Currently, generic versions of Zyrtec are available in the form of tablets, chewable tablets, and syrup. While these generic versions are made by a number of manufacturers, including Actavis Elizabeth and Apotex Corporation, the names may be something other than cetirizine (the usual "generic" name). However, you can easily tell if a product contains generic Zyrtec by looking for "cetirizine hydrochloride" in the active ingredients section of the package label.
An Introduction to Generic Zyrtec
Zyrtec® (cetirizine hydrochloride) is a nonprescription antihistamine approved to treat allergies and hives. It belongs to a group of medications known as non-sedating antihistamines, which are less likely to cause drowsiness. Zyrtec was originally a prescription-only product, but was switched to a non-prescription status in 2007 (see Zyrtec OTC).
Brand-name Zyrtec is manufactured by McNeil Consumer Healthcare. However, many different generic versions of Zyrtec are now available.
Generic Nonprescription Products
Generic versions of prescription drugs must undergo certain tests comparing them to brand-name medications. The U.S. Food and Drug Administration (FDA) then looks at these tests to decide if the generic versions are equivalent to the brand-name medications and assigns a rating to each one.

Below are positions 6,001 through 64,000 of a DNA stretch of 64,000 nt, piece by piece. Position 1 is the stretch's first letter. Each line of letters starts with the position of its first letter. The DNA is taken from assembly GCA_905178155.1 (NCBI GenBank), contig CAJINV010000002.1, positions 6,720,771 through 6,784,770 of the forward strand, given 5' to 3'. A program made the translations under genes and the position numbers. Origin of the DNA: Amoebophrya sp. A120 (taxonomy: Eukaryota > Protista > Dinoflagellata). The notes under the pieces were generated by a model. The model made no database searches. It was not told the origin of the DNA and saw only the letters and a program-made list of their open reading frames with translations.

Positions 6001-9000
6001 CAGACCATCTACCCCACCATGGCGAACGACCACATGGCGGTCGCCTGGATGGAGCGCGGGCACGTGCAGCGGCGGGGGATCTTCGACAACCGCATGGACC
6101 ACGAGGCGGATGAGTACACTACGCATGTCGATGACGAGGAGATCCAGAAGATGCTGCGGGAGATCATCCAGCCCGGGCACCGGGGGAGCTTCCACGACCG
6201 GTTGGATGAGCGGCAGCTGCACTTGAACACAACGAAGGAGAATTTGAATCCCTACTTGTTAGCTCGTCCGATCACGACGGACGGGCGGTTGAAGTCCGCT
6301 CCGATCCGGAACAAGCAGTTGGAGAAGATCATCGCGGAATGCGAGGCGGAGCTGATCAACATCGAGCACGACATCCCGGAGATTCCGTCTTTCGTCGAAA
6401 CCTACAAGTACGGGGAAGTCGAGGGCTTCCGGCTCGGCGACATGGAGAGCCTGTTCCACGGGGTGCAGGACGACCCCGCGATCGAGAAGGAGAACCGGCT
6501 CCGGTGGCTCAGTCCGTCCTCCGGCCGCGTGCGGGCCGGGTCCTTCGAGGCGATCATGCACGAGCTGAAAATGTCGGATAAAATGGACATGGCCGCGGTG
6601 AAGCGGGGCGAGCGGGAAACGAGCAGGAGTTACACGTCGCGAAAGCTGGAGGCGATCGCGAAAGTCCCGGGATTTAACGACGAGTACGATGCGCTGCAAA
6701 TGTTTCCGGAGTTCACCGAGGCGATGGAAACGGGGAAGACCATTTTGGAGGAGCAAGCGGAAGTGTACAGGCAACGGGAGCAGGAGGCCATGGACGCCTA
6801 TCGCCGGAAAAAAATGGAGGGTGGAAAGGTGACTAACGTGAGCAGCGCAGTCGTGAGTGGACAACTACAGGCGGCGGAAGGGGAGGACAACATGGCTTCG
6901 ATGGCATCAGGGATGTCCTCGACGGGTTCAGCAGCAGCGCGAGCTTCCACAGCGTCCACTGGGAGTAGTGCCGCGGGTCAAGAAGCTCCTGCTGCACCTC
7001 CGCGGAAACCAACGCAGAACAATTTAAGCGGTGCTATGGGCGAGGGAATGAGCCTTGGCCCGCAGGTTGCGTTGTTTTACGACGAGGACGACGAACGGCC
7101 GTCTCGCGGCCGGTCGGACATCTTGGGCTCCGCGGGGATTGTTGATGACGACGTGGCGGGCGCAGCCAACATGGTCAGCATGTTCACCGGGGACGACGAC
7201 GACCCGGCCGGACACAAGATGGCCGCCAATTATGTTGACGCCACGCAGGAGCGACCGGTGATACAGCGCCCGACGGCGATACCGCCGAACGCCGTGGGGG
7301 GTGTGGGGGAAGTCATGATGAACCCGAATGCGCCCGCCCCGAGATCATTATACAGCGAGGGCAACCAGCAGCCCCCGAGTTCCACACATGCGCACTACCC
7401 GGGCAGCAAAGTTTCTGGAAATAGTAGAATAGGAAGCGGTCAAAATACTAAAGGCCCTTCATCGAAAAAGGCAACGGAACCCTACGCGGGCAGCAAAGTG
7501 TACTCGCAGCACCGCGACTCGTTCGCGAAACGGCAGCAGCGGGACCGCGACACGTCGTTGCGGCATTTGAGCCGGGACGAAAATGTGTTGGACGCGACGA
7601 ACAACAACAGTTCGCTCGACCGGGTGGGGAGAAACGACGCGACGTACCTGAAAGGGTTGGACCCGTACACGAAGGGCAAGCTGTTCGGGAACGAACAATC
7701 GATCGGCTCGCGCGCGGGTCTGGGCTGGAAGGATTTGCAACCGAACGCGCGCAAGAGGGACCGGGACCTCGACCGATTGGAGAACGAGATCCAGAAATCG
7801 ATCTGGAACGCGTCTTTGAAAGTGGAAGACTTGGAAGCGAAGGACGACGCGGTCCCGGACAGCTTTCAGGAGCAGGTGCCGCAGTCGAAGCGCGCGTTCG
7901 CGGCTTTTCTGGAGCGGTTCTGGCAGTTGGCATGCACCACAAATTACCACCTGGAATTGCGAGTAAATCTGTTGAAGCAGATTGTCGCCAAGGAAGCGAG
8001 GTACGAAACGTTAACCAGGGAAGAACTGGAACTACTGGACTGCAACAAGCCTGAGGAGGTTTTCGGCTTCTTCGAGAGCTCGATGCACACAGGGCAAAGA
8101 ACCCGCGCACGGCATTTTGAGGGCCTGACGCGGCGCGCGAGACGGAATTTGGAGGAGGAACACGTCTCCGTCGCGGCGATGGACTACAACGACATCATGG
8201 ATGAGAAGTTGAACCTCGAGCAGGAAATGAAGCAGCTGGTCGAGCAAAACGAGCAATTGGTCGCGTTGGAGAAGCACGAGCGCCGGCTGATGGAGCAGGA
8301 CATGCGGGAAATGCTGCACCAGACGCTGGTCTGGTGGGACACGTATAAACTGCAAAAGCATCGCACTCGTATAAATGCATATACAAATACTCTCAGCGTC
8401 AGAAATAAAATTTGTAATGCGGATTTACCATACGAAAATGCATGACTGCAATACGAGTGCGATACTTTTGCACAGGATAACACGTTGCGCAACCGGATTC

However, nonprescription products, including Zyrtec, are regulated differently, and no equivalence ratings are given. Therefore, it is difficult to say with certainty that a "generic" nonprescription medication is completely equivalent to the brand-name product. However, the term "generic" is usually used to refer to any product that contains the same active ingredient, in the same strength, and in the same form as the brand-name product.
Written by/reviewed by: Kristi Monson, PharmD;Arthur Schoenstadt, MD
Last reviewed by: KristiMonson, PharmD;
List of references (click here):
Zyrtec Web site. Available at: http://www.zyrtec.com/econsumer/zyrtec/index.view. Accessed April 2, 2010.
Zyrtec [package insert]. New York, NY: Pfizer, Inc.;2006 May.
Food and Drug Administration, Center for Drug Evaluation and Research. Electronic orange book: approved drug products with therapeutic equivalence evaluations. FDA Web site. Available at: http://www.fda.gov/cder/ob/. Accessed April 11, 2008.
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